HealthDay News — For adults smoking five cigarettes/day or more, smoking cessation rates do not differ for those treated with varenicline plus nicotine patch therapy compared with varenicline alone or for those treated with extended duration versus standard duration therapy, according to a study published in the Oct. 19 issue of the Journal of the American Medical Association.
Timothy B. Baker, Ph.D., from the University of Wisconsin in Madison, and colleagues compared combinations of varenicline plus the nicotine or placebo patch used for 12 weeks (standard duration) or 24 weeks (extended duration). A total of 1,251 adults who smoked five cigarettes/day or more were randomly assigned to varenicline monotherapy for 12 weeks, varenicline plus nicotine patch for 12 weeks, varenicline monotherapy for 24 weeks, or varenicline plus nicotine patch for 24 weeks (315, 314, 311, and 311 participants, respectively).
The researchers found that for the primary outcome of carbon monoxide-confirmed self-reported seven-day point prevalence abstinence at 52 weeks following the target quit day, there was no significant interaction between the two treatment factors of medication type and medication duration (odds ratio, 1.03; 95 percent confidence interval, 0.91 to 1.17; P = 0.66). The primary outcome occurred in 24.8 and 24.3 percent of patients randomly assigned to 24- versus 12-week treatment duration, respectively (odds ratio, 1.01; 95 percent confidence interval, 0.89 to 1.15), and in 24.3 and 24.8 percent of those randomly assigned to varenicline combination therapy versus monotherapy, respectively (odds ratio, 0.99; 95 percent confidence interval, 0.87 to 1.12).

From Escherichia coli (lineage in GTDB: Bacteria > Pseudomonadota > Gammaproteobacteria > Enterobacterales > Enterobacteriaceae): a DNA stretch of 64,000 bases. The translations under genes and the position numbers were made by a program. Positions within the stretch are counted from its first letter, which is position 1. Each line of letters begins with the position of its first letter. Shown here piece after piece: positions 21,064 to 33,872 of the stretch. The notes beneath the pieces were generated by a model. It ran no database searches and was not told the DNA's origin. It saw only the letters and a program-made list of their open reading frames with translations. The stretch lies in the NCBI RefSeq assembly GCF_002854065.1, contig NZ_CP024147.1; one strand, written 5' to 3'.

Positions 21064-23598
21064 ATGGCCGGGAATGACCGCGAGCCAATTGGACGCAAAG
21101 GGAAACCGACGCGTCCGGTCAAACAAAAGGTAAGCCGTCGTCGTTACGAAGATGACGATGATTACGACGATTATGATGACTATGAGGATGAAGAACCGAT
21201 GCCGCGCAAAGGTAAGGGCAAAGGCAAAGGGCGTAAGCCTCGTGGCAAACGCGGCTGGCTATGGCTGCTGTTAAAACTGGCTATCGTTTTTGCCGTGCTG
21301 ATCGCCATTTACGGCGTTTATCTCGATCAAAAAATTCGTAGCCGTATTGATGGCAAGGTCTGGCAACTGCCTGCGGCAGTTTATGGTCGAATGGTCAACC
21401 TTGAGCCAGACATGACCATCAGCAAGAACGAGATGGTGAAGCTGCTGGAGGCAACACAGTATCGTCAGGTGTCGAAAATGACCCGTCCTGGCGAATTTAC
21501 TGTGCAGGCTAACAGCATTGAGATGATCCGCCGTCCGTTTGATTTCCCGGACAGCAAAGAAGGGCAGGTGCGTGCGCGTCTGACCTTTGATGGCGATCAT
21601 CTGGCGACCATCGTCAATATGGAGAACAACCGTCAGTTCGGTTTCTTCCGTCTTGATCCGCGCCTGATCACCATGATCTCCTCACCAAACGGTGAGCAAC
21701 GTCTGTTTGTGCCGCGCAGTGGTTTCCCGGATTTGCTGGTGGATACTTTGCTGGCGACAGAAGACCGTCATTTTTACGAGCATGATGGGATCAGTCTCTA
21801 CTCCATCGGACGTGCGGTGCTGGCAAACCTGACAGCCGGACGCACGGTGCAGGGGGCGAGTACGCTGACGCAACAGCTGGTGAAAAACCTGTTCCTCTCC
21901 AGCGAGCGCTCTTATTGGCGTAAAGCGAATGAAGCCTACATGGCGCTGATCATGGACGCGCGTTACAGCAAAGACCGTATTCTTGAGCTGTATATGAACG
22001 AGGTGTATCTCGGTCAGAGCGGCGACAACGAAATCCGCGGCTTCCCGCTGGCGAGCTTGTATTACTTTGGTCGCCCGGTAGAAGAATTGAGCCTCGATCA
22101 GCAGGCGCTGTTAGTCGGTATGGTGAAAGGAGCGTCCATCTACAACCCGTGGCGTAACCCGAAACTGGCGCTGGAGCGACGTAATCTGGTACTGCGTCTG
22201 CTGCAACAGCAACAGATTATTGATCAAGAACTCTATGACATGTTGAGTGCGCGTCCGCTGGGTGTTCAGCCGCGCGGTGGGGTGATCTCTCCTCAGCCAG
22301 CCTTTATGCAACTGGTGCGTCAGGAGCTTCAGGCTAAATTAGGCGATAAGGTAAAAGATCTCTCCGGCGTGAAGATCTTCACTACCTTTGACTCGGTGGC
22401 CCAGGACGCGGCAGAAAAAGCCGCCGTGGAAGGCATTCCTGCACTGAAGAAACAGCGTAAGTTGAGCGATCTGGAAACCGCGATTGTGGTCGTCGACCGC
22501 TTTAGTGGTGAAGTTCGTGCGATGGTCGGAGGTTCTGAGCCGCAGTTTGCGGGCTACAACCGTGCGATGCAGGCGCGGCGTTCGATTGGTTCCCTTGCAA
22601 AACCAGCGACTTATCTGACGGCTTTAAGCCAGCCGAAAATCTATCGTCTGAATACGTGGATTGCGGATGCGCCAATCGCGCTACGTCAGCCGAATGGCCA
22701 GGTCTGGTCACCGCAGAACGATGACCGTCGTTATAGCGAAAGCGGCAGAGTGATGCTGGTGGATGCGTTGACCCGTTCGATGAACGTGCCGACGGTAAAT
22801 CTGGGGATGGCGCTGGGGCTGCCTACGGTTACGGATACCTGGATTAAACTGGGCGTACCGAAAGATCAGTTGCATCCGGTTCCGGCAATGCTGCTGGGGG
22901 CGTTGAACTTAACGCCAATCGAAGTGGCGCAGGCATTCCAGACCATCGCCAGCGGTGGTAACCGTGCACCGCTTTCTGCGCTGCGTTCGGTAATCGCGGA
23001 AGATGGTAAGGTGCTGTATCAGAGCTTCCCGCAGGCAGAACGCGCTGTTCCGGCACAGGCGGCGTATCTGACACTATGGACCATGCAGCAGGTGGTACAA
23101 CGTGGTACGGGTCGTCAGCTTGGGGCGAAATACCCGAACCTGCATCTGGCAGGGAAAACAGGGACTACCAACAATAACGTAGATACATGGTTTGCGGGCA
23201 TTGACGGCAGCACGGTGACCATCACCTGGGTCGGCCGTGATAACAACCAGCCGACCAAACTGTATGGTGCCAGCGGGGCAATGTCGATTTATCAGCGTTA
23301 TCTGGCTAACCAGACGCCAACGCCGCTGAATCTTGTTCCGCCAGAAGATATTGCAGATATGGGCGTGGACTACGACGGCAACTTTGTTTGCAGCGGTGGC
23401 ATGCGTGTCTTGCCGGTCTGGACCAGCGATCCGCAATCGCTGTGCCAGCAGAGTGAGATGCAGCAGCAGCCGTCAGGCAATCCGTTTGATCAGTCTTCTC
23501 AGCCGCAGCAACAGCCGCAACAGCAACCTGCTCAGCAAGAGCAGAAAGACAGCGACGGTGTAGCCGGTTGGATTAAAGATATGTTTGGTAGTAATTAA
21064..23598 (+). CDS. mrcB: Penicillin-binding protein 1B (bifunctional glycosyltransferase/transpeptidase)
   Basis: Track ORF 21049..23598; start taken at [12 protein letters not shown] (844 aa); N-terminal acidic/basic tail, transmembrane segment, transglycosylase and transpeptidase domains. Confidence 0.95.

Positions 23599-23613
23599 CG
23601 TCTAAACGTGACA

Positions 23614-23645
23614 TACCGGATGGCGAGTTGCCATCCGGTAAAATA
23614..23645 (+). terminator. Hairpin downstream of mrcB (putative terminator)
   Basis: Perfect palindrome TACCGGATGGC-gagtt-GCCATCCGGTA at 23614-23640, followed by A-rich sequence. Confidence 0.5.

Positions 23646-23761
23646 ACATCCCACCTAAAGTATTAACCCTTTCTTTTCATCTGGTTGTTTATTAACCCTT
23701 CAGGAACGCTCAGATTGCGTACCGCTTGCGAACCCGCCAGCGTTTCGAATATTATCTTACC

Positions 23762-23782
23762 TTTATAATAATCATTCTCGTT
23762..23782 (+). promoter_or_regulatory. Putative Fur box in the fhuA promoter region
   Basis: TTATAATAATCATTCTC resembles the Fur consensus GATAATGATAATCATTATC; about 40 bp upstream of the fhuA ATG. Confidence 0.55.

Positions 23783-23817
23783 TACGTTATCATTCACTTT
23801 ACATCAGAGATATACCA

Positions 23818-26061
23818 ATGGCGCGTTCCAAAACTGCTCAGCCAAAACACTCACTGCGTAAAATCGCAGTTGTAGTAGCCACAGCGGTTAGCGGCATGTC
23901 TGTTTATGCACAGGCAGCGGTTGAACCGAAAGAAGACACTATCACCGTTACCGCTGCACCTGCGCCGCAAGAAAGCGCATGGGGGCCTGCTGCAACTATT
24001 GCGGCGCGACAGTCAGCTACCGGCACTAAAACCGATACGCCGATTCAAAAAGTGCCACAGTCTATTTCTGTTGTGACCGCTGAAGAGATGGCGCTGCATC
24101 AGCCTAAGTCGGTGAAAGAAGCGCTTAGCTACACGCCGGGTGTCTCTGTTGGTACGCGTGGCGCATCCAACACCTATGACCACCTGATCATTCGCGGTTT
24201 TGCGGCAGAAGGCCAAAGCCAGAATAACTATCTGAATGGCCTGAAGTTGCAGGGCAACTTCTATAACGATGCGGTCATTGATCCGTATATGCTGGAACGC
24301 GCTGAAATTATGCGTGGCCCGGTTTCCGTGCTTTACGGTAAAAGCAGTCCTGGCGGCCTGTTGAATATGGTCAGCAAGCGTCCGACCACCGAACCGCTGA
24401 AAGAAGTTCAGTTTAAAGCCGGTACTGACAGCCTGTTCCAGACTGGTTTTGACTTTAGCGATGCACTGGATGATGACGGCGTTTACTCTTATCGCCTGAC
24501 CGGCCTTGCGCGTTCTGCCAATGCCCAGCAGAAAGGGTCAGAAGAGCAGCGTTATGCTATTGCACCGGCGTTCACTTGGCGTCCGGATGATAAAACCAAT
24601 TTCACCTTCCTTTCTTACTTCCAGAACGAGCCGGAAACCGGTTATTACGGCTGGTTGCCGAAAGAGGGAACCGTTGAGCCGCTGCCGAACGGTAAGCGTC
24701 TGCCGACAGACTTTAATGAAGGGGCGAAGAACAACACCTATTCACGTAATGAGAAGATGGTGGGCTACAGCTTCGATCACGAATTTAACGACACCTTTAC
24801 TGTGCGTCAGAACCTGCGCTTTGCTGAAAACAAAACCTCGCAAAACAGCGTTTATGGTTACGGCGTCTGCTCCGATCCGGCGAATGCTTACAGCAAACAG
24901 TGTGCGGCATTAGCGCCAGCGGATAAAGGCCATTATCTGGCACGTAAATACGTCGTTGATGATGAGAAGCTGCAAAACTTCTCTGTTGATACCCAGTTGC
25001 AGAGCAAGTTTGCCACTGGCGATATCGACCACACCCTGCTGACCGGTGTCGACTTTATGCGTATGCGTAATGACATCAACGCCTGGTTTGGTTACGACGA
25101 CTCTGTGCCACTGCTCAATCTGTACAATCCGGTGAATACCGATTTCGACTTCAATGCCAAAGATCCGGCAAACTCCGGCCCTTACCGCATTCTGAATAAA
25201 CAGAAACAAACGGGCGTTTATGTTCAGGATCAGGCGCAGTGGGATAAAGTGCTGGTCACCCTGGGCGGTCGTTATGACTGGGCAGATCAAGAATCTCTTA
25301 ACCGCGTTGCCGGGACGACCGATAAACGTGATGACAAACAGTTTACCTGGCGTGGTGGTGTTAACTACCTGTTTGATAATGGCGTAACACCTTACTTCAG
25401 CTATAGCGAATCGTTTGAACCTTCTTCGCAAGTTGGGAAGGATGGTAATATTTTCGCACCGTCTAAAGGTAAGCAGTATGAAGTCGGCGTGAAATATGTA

“No subgroup of participants was identified for whom the effectiveness of the different treatments varied significantly,” the authors write.
Pfizer supplied the study with free active and placebo varenicline.